Community Research and Development Information Service - CORDIS

ERC

NeoNaNo Report Summary

Project ID: 309495
Funded under: FP7-IDEAS-ERC
Country: Germany

Final Report Summary - NEONANO (Neoadjuvant Nanomedicines for vascular Normalization)

The ERC grant NeoNano (Neoadjuvant Nanomedicine for vascular Normalization; StG-309495) aimed to develop combination therapies to prime tumor drug vessels and the microenvironment for improved drug delivery. Sub-objectives included (1) the establishment of multimodal and multiscale imaging techniques to better monitor the vascular network in tumors and nanomedicine-mediated drug targeting; and (2) the evaluation of macrophage/vasculature-modulation therapies to enhance tumor-targeted drug delivery and anticancer therapy. We developed CT-based methods to assess the relative blood volume in tumors, vessel size, vessel distribution and vessel branching, and CT-FMT-based methods to more accurately visualize and quantify the pharmacokinetics, biodistribution and target site accumulation of drug delivery systems. Using these technologies as tools to assess the efficacy of macrophage/vasculature-modulation therapies, we demonstrated that genetic, pharmacological and physical priming of tumor blood vessels and the microenvironment can substantially improve tumor-targeted drug delivery. We employed HRG-knockout and overexpression mouse and cell models, liposomal dexamethasone, anti-CCL2 RNA aptamers and sonoporation (i.e. the combination of ultrasound and microbubbles) to enhance tumor-targeted drug delivery, and we correlated vasculature/microenvironment-modulation effects to the outcome of drug delivery and antitumor therapy. During the course of the project, we managed to bring several NeoNaNo-related concepts and constructs to the clinic. Most prominently, since the beginning of 2017, liposomal dexamethasone is being evaluated in a first-in-man clinical trial at the Center for Clinical and Translational Research at RWTH Aachen University Clinic, for the treatment of patients suffering from multiple myeloma. On the long run, this and other aspects of the NeoNano project may contribute to better systems and strategies for tumor-targeted drug delivery and anticancer therapy.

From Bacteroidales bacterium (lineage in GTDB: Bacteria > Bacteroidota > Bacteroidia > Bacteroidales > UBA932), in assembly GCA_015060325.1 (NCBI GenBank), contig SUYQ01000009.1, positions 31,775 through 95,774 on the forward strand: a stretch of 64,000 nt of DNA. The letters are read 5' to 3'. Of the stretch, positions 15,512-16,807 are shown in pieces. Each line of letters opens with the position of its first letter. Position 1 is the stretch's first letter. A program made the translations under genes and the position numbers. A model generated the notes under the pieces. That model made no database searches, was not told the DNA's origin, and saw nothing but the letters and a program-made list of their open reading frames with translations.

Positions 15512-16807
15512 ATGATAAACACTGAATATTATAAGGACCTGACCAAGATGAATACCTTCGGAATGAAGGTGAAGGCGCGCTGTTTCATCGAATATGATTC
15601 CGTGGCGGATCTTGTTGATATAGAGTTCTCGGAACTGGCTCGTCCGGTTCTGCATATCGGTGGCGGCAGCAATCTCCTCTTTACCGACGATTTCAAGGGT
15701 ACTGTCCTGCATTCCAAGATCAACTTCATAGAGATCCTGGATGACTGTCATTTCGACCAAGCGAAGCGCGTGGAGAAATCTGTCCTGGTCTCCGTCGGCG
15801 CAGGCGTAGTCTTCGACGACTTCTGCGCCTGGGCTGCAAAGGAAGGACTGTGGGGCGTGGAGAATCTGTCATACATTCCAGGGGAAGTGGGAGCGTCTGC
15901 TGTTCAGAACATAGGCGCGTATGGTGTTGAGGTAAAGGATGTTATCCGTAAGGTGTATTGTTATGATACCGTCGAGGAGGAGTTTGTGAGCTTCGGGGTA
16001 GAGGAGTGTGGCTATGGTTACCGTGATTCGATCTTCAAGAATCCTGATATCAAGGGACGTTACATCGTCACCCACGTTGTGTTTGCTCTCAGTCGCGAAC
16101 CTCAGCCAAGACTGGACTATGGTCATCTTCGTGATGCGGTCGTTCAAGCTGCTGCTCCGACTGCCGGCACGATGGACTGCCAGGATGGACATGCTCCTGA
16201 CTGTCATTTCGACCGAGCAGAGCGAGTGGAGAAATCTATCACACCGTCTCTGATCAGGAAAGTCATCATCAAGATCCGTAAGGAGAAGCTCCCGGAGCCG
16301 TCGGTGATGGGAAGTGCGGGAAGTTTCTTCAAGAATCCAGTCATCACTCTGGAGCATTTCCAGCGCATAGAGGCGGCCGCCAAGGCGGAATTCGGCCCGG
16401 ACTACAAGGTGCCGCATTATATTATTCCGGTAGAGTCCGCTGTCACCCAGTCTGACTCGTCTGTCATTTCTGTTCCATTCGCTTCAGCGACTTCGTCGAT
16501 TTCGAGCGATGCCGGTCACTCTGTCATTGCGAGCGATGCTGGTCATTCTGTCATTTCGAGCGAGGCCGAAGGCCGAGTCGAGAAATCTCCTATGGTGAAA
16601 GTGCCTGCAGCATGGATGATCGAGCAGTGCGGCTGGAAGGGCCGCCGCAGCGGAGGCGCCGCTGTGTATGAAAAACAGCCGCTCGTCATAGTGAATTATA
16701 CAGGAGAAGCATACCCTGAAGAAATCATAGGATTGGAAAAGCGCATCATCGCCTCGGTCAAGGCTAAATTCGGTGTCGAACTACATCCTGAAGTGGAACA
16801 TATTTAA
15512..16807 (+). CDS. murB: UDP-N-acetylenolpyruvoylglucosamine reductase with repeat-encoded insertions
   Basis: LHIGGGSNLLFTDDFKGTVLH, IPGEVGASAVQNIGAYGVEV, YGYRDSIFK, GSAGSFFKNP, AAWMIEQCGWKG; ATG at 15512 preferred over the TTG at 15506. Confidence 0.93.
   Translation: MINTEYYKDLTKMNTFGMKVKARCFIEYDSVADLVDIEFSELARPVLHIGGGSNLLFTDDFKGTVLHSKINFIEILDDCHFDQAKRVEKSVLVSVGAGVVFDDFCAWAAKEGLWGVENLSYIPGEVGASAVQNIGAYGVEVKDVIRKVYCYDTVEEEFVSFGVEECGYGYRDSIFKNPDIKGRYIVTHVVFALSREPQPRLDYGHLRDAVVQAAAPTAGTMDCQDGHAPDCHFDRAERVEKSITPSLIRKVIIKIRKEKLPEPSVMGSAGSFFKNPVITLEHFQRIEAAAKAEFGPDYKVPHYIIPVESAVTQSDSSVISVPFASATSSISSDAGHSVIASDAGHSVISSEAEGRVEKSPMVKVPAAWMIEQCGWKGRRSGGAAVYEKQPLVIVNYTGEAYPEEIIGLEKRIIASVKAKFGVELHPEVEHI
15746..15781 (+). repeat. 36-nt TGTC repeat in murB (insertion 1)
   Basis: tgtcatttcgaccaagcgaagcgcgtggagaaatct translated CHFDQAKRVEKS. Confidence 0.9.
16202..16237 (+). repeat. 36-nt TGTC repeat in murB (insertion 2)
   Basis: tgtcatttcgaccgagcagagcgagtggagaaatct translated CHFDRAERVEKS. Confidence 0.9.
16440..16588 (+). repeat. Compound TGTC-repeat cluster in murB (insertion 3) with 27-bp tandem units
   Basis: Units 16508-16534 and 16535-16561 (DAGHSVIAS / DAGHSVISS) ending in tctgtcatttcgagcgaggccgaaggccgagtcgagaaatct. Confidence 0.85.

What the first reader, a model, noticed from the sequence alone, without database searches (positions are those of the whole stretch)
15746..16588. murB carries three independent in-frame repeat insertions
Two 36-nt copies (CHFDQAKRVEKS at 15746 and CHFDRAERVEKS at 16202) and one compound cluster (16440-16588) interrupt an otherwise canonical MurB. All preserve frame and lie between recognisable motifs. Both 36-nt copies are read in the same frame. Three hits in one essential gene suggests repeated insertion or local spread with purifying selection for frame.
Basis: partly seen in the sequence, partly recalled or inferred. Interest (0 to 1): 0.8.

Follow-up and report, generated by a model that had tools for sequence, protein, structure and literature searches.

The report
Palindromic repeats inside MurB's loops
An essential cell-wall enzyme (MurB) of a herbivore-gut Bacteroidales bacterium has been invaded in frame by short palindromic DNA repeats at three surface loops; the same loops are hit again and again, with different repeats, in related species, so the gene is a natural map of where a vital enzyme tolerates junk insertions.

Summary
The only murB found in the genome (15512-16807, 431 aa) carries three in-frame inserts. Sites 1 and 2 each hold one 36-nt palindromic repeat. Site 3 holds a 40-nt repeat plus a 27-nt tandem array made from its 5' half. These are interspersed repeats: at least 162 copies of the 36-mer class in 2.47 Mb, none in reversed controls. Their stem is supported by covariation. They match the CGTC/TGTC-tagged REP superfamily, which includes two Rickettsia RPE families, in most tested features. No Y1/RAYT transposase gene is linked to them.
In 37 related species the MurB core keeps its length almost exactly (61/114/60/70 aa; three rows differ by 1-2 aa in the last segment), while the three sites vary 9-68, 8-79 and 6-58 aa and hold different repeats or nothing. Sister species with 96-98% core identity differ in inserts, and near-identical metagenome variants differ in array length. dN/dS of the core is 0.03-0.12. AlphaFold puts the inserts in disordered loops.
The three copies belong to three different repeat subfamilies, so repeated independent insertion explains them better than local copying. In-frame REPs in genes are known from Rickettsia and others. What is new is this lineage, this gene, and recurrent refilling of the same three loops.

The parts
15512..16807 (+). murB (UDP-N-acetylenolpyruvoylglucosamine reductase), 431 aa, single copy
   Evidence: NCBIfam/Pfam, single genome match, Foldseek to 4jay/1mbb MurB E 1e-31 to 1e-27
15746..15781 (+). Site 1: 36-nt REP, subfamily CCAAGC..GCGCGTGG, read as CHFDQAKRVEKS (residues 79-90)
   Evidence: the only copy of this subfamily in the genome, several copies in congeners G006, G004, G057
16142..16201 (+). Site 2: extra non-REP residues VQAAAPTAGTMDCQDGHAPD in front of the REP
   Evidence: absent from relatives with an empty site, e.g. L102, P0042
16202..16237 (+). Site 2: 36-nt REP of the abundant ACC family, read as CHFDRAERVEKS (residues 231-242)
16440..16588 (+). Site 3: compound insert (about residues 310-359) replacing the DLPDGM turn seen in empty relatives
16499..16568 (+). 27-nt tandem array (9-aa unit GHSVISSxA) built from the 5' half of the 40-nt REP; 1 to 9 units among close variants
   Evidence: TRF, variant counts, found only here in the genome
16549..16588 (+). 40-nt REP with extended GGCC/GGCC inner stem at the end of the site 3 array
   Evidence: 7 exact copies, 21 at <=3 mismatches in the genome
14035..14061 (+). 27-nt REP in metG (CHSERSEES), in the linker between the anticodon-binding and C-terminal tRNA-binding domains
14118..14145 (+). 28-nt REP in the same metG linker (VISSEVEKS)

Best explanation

Reported by

UNIVERSITAETSKLINIKUM AACHEN
Germany
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